Ok, seriously. Let’s actually talk about why none of this matters, at all, especially the questions that they want answered. As I said, they all center around the major issues surrounding Cam Newton that were brought forth during the season. And again, they reek of desperation. They reek of someone being unable to accept the fact that Auburn won the National Championship and/or beat their team, and want to find any way to try to bring Auburn down. They couldn’t do it on the field, so why not bring up points (as if the NCAA didn’t) that could beat Auburn off the field.
Plain and simple, the idea behind the site is a cop out. The creator (who will be on WJOX on Tuesday morning) has no intentions of giving up one million dollars, but they also know that Cam Newton will never agree to this, probably because he’s more worried about being the #1 pick in the NFL draft in a few days. However, the creator probably also knows that because Cam won’t take the test then a few people will assume that he’s avoiding it, when we all know that isn’t true. Cam has no reason to do this, and as sad as it may be, some people will use that against him.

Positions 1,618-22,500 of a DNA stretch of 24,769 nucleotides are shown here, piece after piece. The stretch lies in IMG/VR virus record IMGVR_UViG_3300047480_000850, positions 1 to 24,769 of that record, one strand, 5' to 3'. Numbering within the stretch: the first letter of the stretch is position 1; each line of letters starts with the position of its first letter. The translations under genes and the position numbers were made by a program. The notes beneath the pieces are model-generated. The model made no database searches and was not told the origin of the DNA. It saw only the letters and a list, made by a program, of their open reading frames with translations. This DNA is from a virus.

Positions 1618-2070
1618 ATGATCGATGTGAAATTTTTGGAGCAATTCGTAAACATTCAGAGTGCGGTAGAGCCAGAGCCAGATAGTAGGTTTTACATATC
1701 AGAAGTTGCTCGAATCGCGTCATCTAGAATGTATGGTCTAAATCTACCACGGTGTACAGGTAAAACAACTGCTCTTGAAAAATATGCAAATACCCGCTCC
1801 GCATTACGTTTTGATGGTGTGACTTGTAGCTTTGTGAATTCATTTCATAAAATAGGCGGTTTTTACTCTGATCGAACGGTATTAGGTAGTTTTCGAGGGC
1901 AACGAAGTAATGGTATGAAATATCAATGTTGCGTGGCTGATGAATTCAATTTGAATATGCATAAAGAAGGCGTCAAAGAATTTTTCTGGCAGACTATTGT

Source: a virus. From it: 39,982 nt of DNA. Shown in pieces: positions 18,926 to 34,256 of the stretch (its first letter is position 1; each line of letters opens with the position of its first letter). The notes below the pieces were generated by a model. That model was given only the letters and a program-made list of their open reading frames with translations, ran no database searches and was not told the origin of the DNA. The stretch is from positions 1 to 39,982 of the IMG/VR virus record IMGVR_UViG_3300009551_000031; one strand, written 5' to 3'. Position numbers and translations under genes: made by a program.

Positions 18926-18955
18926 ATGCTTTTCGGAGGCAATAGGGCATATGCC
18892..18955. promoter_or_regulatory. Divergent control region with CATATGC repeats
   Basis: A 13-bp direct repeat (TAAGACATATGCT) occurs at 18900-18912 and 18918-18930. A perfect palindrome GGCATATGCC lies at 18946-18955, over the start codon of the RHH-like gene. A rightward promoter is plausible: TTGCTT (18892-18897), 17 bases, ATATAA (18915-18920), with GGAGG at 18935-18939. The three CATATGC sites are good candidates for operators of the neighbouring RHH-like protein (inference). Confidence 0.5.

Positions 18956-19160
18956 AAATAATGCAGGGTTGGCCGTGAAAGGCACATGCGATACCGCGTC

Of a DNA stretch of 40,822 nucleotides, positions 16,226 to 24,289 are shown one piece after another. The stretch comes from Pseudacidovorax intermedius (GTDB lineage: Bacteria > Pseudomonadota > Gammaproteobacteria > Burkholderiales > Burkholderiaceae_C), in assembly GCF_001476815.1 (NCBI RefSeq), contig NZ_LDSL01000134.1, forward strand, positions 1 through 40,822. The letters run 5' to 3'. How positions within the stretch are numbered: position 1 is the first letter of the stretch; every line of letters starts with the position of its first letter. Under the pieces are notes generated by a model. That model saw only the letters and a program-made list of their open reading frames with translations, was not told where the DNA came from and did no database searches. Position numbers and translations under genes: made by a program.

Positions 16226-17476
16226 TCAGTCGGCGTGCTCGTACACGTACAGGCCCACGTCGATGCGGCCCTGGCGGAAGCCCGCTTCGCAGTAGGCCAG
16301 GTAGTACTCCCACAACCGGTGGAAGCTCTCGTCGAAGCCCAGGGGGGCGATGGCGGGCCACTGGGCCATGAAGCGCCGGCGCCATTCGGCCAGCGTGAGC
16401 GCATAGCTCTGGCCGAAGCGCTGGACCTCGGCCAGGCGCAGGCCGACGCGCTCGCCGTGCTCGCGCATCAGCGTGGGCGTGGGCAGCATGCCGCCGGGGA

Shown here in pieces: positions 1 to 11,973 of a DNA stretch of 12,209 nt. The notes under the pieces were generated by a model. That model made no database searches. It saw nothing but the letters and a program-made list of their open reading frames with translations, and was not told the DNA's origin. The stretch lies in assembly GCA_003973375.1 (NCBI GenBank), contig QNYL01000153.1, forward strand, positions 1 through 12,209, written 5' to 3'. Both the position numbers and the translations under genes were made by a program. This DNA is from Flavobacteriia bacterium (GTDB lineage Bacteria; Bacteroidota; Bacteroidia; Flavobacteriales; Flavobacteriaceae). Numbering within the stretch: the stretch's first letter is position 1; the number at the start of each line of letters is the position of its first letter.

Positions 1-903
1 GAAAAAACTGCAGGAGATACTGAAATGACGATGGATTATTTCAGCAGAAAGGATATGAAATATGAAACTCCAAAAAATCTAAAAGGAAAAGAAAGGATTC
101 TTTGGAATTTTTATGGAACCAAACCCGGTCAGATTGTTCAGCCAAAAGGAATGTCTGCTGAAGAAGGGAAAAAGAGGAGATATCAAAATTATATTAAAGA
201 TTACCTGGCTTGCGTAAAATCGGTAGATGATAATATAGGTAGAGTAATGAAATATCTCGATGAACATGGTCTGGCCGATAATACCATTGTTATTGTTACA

But if Cam did happen to take the test, we all know what would happen. It would be a no-win situation, therefore it wouldn’t matter what the outcome turned out to be.
Before I go further, here are the four questions they want answered:
1. Prior to signing with Auburn, were you aware your father was “shopping” you to Mississippi State or any other school?